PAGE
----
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Nice job. I made a plasma speaker as a science fair experiment in 1968, but it didn't sound as good as yours :) Back then it was deemed necessary to add ions to the plasma to increase its conductivity - there was an asbestos wick and some kind of metal chloride solution I think.A couple of points:- Paralleling MOSFETs increases their current handling capability, not their voltage handling. For higher voltage you must put them in series.- The 175ºC max temp for the devices is their _junction_ temperature, not the temperature of the outside of the case. The junction temperature is probably significantly higher than your 70ºC case, depending on heat sinking.
Thanks! Yes, they're all 3-D printed parts.
Here are some samples.
For both black or white backgrounds, I use sheets of foam-core board, available at office supply stores. Inexpensive, easily stored and kept at hand, and easy to replace if they get marred.
Here are some samples (I think... this UI is confusing).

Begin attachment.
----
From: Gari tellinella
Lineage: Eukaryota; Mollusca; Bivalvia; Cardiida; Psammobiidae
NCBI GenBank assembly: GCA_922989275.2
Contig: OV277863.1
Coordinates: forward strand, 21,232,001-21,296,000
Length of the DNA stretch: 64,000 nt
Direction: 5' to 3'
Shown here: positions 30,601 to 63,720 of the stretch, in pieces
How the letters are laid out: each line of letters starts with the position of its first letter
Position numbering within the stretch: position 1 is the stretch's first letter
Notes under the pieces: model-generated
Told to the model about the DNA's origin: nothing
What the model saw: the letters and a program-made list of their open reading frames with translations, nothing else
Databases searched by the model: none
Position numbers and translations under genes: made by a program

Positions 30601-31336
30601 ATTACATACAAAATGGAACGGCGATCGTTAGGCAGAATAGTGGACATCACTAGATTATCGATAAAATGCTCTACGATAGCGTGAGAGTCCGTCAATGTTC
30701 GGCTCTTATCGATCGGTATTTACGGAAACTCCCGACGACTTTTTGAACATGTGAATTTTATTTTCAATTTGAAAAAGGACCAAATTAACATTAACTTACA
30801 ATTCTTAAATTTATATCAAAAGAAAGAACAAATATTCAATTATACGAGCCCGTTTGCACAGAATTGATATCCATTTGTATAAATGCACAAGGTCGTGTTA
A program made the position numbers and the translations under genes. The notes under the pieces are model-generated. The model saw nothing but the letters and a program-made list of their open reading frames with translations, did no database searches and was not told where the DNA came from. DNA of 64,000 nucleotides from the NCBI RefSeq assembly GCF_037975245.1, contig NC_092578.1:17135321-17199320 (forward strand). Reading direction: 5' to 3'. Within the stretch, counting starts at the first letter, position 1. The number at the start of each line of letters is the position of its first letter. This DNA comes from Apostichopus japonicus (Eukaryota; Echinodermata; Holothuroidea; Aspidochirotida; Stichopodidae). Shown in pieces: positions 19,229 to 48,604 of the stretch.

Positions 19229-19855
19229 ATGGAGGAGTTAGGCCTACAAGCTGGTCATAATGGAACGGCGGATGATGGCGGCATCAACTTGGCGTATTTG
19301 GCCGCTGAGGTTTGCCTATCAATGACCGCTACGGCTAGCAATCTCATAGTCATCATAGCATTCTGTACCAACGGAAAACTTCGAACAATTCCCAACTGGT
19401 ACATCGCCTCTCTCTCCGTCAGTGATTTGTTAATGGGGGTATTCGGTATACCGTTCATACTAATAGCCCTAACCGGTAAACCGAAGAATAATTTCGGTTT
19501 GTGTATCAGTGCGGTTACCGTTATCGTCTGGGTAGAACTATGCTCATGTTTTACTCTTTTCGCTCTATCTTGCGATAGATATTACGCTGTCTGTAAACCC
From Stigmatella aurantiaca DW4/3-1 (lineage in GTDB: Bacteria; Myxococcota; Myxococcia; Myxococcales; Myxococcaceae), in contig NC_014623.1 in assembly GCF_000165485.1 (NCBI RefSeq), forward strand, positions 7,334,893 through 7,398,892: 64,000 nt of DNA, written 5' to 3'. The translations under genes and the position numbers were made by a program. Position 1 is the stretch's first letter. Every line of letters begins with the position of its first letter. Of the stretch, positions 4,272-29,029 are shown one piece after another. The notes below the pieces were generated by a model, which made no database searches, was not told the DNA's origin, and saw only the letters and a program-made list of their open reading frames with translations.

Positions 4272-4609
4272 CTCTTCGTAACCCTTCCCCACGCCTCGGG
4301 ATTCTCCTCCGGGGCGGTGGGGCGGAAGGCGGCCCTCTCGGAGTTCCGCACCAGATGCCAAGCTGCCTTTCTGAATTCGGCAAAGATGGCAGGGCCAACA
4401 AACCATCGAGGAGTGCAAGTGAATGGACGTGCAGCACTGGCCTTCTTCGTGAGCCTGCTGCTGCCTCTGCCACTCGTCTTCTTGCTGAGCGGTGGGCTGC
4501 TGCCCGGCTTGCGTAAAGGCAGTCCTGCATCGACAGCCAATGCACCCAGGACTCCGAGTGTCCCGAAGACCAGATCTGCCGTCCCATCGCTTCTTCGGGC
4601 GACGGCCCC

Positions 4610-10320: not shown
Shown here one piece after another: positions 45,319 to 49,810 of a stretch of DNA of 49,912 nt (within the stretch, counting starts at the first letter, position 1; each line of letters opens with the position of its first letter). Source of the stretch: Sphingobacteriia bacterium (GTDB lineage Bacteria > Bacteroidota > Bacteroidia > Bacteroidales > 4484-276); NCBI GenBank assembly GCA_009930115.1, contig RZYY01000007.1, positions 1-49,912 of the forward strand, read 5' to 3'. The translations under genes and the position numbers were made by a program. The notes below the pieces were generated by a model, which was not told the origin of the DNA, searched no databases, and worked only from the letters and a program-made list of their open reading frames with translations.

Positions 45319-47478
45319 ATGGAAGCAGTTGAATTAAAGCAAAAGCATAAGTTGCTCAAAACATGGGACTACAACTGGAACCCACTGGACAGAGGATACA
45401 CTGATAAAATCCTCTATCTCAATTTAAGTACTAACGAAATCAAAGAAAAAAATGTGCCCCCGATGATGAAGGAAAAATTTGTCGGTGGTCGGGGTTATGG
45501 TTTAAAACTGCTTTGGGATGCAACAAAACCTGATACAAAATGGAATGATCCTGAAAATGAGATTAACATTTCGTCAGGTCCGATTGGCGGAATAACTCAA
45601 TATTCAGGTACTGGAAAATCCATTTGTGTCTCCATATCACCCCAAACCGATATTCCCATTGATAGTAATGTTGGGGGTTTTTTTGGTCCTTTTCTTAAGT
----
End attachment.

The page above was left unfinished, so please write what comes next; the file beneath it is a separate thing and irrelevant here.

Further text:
Industrial Fly Trap
Robot Foam Cutter
Large Vacuum Former
Soft Robots: Making Robot Air Muscles
3d Print An Artificial Muscle Robot Hand
Soft Robots: 3D Printing Artificial Muscles
3D Print: Make Servo Controlled Valves
DIY Front Surface Mirror
Treehouse Hardware Series - Tree Attachment Bolt (TAB)
Plasma Bulb with Clock Gear
Desktop Terrarium with Night Light
Tiny Planet: A 3D Printed Mechanical Sculpture
Industrial Pipe Shelving Built-In
DIY Quick & Easy Modern Cat House
Geoweaver: A Walking 3D Printer Hexapod
Web Controlled 8-Channel Powerstrip
Sculpting with Sound
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